Fear and anguish for Syrians fleeing to Turkey
At the crack of dawn, Fatima rouses her son Nafissa from a deep
from the violence that has haunted them for weeks.
As preparations for the journey are made, another son, Ali, plays nearby. His parents pack what little they brought with them into plastics bags and get ready to leave the safe house where they spent the night.
“I am taking my family far from Syria,” says Ahmed bin Habib, lighting a cigarette.
“I give up. I can’t carrying on fighting.”
The 30-year-old father managed to flee with his family from the restive northern city of Idlib, which fell to government forces earlier this month after a withering assault.
“The soldiers surrounded the city. We couldn’t escape at night,” he recalls.
“They started shooting at us, but thank God we escaped. We have spent several days staying with friends and today we will cross the border,” he adds.
“We left because we were afraid,” he says, recalling the horrific scenes he witnessed in Idlib.
Bin Habib helps his younger brother Mohammed, whose leg was badly wounded by a projectile some three months ago, to get up.
“He must get to Turkey to avoid being handicapped for life,” he says.
Mohammed explains his desperation to get to Turkey.
“I didn’t dare go to the public hospitals (in Syria). They torture the nurses and the wounded there,” he says.
The journey begins at 7:00 am. Four men are waiting outside the house to drive the family to the Turkish border, to join the 17,000 Syrian refugees that Turkey says have already crossed over.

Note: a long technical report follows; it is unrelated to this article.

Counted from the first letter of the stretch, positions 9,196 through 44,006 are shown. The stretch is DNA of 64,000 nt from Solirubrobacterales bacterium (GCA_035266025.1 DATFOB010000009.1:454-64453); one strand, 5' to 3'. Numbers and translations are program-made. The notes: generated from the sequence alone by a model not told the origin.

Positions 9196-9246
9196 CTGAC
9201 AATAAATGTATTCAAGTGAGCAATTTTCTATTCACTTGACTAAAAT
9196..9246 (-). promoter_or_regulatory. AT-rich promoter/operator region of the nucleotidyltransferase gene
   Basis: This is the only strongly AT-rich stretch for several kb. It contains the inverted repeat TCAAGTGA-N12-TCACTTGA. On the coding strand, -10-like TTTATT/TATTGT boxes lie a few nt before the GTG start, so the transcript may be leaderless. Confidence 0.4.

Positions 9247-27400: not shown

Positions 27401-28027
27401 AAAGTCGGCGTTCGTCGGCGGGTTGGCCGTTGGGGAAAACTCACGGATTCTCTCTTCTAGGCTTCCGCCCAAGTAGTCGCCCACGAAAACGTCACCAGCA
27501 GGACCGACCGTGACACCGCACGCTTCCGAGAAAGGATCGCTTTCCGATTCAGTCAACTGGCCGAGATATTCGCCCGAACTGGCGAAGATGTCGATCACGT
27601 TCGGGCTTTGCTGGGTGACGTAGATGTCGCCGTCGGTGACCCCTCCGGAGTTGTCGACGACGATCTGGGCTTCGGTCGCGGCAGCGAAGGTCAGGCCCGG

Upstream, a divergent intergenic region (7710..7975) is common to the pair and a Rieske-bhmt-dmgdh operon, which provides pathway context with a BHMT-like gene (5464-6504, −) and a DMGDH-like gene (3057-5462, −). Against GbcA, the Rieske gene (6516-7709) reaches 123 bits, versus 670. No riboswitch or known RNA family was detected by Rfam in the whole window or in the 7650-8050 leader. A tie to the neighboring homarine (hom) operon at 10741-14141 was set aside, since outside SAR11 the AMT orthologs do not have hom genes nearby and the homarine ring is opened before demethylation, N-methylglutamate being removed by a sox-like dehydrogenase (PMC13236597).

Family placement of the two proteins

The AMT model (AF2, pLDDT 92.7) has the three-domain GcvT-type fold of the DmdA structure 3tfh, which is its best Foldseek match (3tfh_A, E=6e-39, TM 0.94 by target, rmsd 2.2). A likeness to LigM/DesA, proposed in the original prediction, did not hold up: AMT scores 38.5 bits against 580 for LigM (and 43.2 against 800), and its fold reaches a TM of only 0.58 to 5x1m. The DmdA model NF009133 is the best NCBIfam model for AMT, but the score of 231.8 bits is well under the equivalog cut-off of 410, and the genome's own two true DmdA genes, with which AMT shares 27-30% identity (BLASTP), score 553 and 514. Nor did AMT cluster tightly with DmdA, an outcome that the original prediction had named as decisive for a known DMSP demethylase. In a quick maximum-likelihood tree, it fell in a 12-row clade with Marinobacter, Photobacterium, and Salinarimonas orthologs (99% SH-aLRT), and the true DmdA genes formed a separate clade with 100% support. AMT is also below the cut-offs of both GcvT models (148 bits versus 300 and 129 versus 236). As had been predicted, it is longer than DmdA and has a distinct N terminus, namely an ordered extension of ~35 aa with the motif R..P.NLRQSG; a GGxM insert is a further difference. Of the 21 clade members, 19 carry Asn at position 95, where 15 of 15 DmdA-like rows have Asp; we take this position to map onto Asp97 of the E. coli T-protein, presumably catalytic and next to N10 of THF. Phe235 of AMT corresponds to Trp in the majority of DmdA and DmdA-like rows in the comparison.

The luggage is placed in a trunk and as they depart, the driver, a member of the rebel Free Syrian Army (FSA), inquires by walkie-talkie about the state of the route.
“Everything is clear, all the way to the destination,” a crackly voice replies.
The convoy heads off from Sardana, carrying the fugitives to a location 15 kilometers from Syria’s northern frontier, but they must cover the second leg of the route on foot.
The cars hurtle along at top speed, bypassing the rebel barricades, under the envious watch of villagers at the roadside.
Finally they stop at an olive grove, where four other rebels are waiting in the shade. The walk begins, but the going is slow and tiring.
One of the FSA rebels carries Mohammed on his back. Behind them, Nafissa and Ali walk hand in hand with their frail mother. To quicken their progress, the father then decides to carry his youngest child on his shoulders.
“After Homs and Idlib were taken, we lost hope,” says Abu Mustafa, a fellow traveller. “All my family fled to refugee camps in Turkey, and I am going to join them.”
A huge red Turkish flag is now visible in the distance, towering above a small army barracks that sits in the middle of the plain.
After an hour, the group arrives at the border crossing.
One of the rebels makes a phone call, as the others wait nervously.
Two of them then cross the border, saluting the Turkish captain.
Mohammed follows, assisted by his brother. The Turkish soldiers offer him a mattress as he waits for an ambulance.
Then the others cross one by one, after their bags have been inspected. The mother and her youngest are the last to arrive.